• This is a critical issue in light of the issues raised above especially in the context of financial viability assessments where:
  • In submitting to the Senate Committee inquiry, the Go8 indicated that the Charges Bill could be amended to enable exemptions for classes of higher education from elements of the annual Charge. This would enable retention of a Charge similar in structure to that currently proposed by the Department. The Go8 is hopeful of being engaged in meaningful consultation on these issues in the near future.
  • Designing cost recovery in the way outlined in the CRIS appears to amount to ‘double-dipping’, resulting in the Government taxing higher education providers twice for the same thing. The Go8 suggests these issues would not have arisen had there been an opportunity to consult far earlier in the process.
  • Importantly, these are functions for which TEQSA already levies cost recovery charges from providers and for which TEQSA will be increasing these charges as it moves to a full cost recovery model.[3]
  • In the context of the proposed charging arrangements presented in the CRIS, it is not apparent that in the five intervening years since the Review was handed down, the Department has taken any concrete action in response to these recommendations.
  • These are undertaken by TEQSA already; and
  • All Table A providers are exempted from these assessments under Subdivision 19-80; and

The proposed charging regime outlined in the CRIS shows the costs for regulatory activities, including for financial viability checks. Applying a broad average, this reveals that it costs the Department on average $1,596.76 each year to perform a financial viability check on a NUHEP or Table C provider. Using the same broad averaging, it costs the Department $7,194.79 each year to perform the same checks on Table A and B universities.

Taking account of the suggestions above, and that it appears inappropriate to tax Table A universities for this activity to begin with, it seems that the Regulations could be designed to ensure more effective method of differential and risk-based charging that that proposed in the CRIS.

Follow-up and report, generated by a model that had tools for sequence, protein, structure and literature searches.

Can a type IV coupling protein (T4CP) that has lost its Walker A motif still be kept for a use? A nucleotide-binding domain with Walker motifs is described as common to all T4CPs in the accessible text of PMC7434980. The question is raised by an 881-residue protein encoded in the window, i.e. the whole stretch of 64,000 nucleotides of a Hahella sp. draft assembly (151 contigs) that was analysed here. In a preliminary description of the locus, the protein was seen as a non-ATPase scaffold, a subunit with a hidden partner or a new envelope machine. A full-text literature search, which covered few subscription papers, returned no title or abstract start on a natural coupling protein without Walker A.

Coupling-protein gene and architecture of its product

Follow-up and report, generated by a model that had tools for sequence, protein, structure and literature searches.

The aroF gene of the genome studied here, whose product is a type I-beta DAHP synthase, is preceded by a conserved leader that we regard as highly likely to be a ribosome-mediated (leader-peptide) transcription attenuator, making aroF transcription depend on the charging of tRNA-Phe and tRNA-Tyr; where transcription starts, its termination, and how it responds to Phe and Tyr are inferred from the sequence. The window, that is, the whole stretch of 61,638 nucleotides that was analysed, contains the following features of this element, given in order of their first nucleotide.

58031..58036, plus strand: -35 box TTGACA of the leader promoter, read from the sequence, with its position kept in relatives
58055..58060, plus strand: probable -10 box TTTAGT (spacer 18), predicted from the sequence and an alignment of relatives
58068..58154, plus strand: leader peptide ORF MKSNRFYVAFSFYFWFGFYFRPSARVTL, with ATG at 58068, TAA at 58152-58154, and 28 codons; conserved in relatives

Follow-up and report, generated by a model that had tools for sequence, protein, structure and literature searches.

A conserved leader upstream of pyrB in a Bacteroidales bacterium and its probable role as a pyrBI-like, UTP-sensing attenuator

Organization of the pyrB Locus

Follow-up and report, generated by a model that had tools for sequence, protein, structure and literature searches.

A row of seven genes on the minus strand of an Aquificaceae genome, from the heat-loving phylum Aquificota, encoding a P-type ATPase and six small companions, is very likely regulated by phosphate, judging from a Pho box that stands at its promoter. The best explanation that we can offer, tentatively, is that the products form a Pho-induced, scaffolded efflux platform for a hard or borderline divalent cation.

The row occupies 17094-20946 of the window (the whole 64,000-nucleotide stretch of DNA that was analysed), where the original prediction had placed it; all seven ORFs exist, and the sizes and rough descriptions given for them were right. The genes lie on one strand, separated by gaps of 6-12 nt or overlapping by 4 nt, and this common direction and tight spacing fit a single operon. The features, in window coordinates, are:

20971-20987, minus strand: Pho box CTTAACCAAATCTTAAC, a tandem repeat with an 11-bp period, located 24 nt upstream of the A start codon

Span of activities

There are other aspects in the current design of the Charge that the Go8 considers are not reasonable to be within the scope of activities for the proposed Charge.

For example, the cost or managing the annual higher education provider workshops are included as a cost recoverable activity. Some of these workshops relate directly to the implementation and administration of cost recoverable aspects of the HELP scheme. Other aspects to these workshops are clearly outside those bounds and neither do those activities fall within might be termed ‘data collection and compliance’.

From the 2018 workshops, topics such as VET Student Loans Ombudsman Best Practice complaint handling, an update on the Australian Qualifications Framework review, and updates on the MySkills website and Rural and Regional Enterprise Scholarships scheme all appear to be elements of the workshops whose costs should be excised from the cost recovery process. The session on tuition assurance obligations under HESA is not one that relates to Table A providers as they are exempted from this requirement and this adds weight to the suggestion for differential charging in the Regulations.

I look forward to the opportunity to discuss this submission with you.

Yours sincerely



[1] COST RECOVERY IMPLEMENTATION STATEMENT: Cost recovery activities for HECS-HELP and FEE-HELP programs; Financial Year 2018-2019; DRAFT FOR Consultation; Department of Education and training, October 2018, p4

[2] Ibid, p.8

[3] TEQSA Budget Statements 2018-19